Tuesday, 20 March 2012

How To Train For Muscle Tone Instead of Muscle Mass


The key to gaining muscle mass is a sufficiently high volume of lifts to cause some degree of damage to your muscle tissues. 

Following the damaging of the muscle tissues it's essential that you rest the muscle long enough for a fully good recuperation. Ideally, whenever the muscle is recovered, it will become of a slightly bigger size. 

Eventually, over time this will build a larger muscle. The key to achieving muscle tone is to do less volume of sets, but make your work outs more frequent.

How Many Sets Do You Need to Do For Muscle Tone?

Don't forget, for muscle tone your aim should be to avoid damaging the muscles. Should you become sore the next day, back off a bit the next time that you work those same muscles.

I always do 3-4 sets of anywhere between 3-10 reps for muscle tone. I choose 2 exercises per body part.

How Many Reps in Each Set?

Not much individuals understand the effectiveness of low reps for achieving muscle tone. Low reps result in harder contractions and over time, your muscle will show better tone.

Feel free to include medium to high reps, but make sure you do not neglect heavier low rep training as well. Becoming stronger while your body fat is at a low level is a terrific way to look ripped!

Make Sure and Work the Muscles Often When Going for Tone!

This tip is overlooked but will quickly accelerate your ability to increase tone in a worked muscle.

Muscle tone is essentially a muscle contracting partially in a relaxed state, hence your muscles are contacting a little by themselves even when you are completely relaxed.

The right way to boost this is to contract the muscles hard by working out on a frequent basis. For another time, you need to avoid causing damage to the muscle, otherwise you will over-train the muscle if you work it soon.

An additional problem with working a damaged muscle is the fact that it would not contract as hard, therefore the workout will have less toning benefits.

Do NOT Train to Failure or Use Forced Reps When Going for Muscle Tone

If you do a set to failure you are essentially "training your muscle to fail". This will cause a large amount of damage, which is great for when you're aiming to build muscle mass but not good for achieving muscle tone.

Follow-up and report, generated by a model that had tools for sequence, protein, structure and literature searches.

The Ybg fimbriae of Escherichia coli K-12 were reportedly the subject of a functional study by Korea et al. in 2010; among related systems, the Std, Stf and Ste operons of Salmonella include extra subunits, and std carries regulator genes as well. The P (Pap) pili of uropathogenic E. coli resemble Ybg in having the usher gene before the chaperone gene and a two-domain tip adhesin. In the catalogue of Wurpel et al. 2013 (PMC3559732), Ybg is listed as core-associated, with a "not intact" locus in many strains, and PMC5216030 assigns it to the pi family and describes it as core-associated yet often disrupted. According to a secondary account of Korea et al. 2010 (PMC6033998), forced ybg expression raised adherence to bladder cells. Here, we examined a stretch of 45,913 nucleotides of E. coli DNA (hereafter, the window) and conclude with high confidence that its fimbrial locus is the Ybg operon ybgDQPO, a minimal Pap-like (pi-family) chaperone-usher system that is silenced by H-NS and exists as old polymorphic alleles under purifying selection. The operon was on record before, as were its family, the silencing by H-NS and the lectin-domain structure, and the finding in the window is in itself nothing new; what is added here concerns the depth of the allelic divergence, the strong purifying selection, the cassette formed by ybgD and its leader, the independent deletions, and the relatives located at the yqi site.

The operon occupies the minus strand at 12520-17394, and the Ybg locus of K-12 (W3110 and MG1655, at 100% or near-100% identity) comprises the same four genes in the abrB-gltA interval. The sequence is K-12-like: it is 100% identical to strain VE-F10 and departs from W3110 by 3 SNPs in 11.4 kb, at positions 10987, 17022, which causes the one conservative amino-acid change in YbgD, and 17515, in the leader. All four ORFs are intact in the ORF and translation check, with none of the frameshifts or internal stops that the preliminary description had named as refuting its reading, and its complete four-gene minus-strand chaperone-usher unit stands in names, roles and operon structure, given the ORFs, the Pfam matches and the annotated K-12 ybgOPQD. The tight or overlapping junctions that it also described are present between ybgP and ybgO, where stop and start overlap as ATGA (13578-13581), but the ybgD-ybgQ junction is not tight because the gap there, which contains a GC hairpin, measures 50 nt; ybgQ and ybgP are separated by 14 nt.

Training for muscle tone is similar to training for gaining strength. Elite power-lifters rarely train to failure for the reason stated above. The problem is that your muscle will not contract as hard the following set.

You want hard contractions when going for tone, so don't train to failure and don't even think of doing forced reps.

Here is a Common Mass Building Split Routine

The "3 day split" is a common routine for muscle mass because it works well. A 3 day split simply means that all the muscles in your body are worked in 3 different workouts.

So what a lot of people do is work chest, shoulders, and triceps on one day, back and biceps on another day, and legs and abs on the third day.

The great thing here is that since you are working only a few body parts in each workout, you can focus on blitzing each muscle group. You can really do a high volume of lifts for each muscle group which is the key to mass.

The 2 Day Split Muscle Tone Workout Routine

Since you want to work each muscle group more often when going for tone, you should try to split you workout over two days instead of three.

The great thing here is that you don't need much recovery time when you don't damage the muscles.

Note: So you should have a good idea on how to setup a great workout routine. Remember, if you are going for tone, keep the volume of lifting low and work each muscle frequently.

Since your time in the weight room should be brief, spend the extra time hitting cardio hard to burn off all that excess body fat to reveal your toned muscles.

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